June 23, 2003

Supreme Court Rules on AA

The U.S. Supreme Court today upheld the use of affirmative action in college admissions in two cases involving the University of Michigan at Ann Arbor, but struck down the mechanics of Michigan's undergraduate admissions policy.

-- Peter Schmidt, Supreme Court Upholds Affirmative Action in College Admissions

As many legal scholars had predicted, the Court upheld Michigan's admissions policy in the case involving the law school (Grutter v. Bollinger). In the case involving undergraduate admissions (Gratz v. Bollinger), the Court struck down the current policy as too broad and formulaic (as was predicted), but "the majority did not reject the use of racial preferences to promote educational diversity."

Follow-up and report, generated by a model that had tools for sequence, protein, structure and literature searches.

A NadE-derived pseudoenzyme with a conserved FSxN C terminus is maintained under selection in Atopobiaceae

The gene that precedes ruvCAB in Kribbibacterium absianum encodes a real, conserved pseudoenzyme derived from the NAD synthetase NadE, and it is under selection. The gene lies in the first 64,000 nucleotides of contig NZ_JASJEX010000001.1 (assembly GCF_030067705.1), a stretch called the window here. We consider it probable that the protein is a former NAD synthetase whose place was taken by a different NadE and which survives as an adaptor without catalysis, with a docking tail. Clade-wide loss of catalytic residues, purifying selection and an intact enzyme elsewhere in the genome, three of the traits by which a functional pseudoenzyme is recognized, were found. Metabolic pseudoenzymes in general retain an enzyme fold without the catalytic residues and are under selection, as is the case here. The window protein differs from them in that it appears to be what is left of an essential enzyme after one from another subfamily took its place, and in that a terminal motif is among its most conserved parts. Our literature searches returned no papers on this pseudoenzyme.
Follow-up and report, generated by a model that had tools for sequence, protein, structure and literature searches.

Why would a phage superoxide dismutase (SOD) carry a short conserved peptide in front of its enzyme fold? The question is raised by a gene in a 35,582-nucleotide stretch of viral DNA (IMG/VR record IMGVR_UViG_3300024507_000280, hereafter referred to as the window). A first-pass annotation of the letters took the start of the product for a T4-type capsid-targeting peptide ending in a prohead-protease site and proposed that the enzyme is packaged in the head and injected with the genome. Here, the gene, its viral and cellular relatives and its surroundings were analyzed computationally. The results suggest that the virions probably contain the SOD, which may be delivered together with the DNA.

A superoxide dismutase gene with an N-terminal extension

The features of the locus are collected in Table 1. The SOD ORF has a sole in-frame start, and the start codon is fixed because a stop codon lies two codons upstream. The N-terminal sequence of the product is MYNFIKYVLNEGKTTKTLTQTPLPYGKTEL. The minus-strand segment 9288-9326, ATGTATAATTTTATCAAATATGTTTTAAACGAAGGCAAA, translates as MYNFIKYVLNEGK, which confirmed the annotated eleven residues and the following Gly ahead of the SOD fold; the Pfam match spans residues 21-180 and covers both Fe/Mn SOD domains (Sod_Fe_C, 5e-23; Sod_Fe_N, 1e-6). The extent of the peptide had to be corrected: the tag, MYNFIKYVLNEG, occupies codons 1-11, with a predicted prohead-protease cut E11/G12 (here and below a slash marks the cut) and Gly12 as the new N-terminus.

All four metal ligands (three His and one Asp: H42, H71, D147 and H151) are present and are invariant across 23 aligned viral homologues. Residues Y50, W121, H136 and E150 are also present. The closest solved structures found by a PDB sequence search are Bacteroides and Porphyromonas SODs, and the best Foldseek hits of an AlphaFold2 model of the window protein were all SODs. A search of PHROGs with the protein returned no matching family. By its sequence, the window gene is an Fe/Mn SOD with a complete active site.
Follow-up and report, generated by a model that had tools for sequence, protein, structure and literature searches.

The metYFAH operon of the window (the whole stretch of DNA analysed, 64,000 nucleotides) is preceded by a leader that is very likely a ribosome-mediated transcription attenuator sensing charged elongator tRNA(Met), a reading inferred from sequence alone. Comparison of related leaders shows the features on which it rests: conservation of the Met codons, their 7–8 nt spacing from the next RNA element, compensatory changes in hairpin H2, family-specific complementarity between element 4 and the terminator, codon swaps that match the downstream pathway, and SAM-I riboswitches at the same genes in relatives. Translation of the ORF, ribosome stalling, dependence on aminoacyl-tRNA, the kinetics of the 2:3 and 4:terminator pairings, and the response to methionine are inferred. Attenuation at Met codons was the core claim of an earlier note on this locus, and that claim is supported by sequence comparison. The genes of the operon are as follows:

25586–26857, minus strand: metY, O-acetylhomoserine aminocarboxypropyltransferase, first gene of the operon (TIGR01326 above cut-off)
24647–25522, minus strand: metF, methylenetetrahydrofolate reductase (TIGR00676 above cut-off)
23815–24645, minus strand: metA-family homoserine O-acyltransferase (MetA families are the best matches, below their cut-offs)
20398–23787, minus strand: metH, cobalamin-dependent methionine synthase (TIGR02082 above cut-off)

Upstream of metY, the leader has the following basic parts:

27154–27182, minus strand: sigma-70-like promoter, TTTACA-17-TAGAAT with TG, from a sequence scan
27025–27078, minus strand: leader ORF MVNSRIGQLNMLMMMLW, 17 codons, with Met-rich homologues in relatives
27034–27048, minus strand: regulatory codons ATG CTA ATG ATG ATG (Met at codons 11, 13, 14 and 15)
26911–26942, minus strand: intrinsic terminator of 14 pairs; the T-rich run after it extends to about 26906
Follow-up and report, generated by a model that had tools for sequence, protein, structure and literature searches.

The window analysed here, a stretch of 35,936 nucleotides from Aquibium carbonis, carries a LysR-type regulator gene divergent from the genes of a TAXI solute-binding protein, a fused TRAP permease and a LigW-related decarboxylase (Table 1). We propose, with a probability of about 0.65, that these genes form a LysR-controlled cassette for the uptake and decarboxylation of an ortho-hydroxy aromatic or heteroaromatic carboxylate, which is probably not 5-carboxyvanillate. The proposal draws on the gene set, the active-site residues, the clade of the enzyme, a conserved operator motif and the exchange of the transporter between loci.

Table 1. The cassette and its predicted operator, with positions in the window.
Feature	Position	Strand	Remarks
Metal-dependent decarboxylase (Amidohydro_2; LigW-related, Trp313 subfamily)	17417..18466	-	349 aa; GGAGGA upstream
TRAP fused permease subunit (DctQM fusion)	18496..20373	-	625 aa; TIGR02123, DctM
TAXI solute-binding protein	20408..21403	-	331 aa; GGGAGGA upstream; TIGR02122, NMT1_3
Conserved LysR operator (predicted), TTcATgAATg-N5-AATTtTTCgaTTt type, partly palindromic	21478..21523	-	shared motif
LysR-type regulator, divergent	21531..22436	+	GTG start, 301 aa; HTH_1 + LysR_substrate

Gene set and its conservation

As he notes in his comment here, Frank Admissions will be posting about the decisions at the Financial Aid Office, where he is now a special guest blogger.

Posted by Invisible Adjunct at June 23, 2003 12:01 PM

For those with an interest in these decisions and their implications, I'll be attempting to follow the developments at http://www.financialaidoffice.org

Posted by: Frank Admissions at June 23, 2003 12:31 PM

I posted this also at Poliblog, but I thought I'd mention it here as well. When did AA become an acronym for Affirmative Action instead of Alcoholics Anonymous? SCOTUS has made no ruling on the 12-step program, or the anonymity of individual members of AA.


Posted by: bryan at June 28, 2003 12:05 AM